What is an antinuclear antibody?

An antibody is a protein made by white blood cells (B cells). Antibodies help defend against invaders (for example, viruses and bacteria) that cause disease or infection in the body. When antibodies make a mistake by recognizing our “self” cells as being “foreign,” they are called autoantibodies.

Most of us have autoantibodies, but usually a very small amount. If there are enough autoantibodies present, a cascade of inflammation (swelling) is started. This causes our immune system to attack our own body (autoimmune disease).

An antinuclear antibody (ANA) is an autoantibody that mistakenly binds to normal protein within the nucleus of a cell. ANAs are usually found in people who have autoimmune conditions such as systemic lupus erythematosus. They may also be seen in other autoimmune diseases, such as mixed connective tissue disease, Sjogren's syndrome, dermatomyositis, polymyositis and scleroderma.

However, not everybody who has ANAs has an autoimmune disease. For instance, ANAs could be found in 10-15 percent of completely healthy children. They could be briefly present in the setting of intercurrent infection (an infection that occurs while the person already has another infection) or in people who are taking certain drugs (for example, hydralazine, isoniazid, procainamide, and some anticonvulsants).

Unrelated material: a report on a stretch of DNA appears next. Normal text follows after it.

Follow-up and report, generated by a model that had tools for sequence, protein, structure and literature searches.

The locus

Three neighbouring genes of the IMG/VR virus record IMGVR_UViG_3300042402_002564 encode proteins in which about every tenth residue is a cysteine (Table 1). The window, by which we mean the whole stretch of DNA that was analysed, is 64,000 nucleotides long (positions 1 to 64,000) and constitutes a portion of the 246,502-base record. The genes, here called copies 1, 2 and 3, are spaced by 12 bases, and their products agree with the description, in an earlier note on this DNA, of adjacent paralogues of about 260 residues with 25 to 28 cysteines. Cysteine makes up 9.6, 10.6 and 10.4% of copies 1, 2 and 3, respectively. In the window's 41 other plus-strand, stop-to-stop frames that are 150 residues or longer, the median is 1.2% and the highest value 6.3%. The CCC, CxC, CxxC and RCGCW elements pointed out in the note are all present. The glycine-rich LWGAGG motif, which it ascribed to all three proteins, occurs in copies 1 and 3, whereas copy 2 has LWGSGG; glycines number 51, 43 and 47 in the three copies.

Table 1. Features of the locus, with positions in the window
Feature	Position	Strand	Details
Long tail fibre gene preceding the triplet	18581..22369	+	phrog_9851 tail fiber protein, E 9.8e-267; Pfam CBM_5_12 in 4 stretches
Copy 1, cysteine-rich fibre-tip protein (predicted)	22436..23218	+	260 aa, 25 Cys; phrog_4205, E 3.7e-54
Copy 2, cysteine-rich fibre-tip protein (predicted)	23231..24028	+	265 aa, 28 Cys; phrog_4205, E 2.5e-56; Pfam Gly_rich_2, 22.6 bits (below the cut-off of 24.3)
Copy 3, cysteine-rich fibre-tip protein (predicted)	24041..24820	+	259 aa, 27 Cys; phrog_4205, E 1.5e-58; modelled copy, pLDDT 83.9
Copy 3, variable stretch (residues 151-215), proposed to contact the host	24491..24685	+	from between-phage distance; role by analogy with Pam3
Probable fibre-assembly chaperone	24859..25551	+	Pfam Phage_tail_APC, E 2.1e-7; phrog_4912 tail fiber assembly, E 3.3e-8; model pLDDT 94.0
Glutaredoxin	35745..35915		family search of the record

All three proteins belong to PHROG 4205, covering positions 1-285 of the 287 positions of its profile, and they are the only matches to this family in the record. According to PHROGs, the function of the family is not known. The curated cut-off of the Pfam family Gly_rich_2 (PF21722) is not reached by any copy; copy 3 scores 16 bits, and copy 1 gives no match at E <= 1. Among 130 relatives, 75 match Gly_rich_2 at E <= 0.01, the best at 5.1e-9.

Last reviewed by a Cleveland Clinic medical professional on 01/18/2018.


  • American College of Rheumatology. Antinuclear Antibodies (ANA). Accessed 2/11/2019.
  • Malleson NP, Mackinnon MJ, Sailer-Hoeck, et. al. Review for the generalist: The antinuclear antibody test in children - When to use it and what to do with a positive titer. Pediatr Rheumatol Online J. 2010; 8: 27. doi: 10.1186/1546-0096-8-27
  • American Association for Clinical Chemistry/Lab Tests Online. Antinuclear Antibody (ANA). Accessed 2/11/2019.
  • Lupus Foundation of America. The antinuclear antibody (ANA) test. Accessed 2/11/2019.

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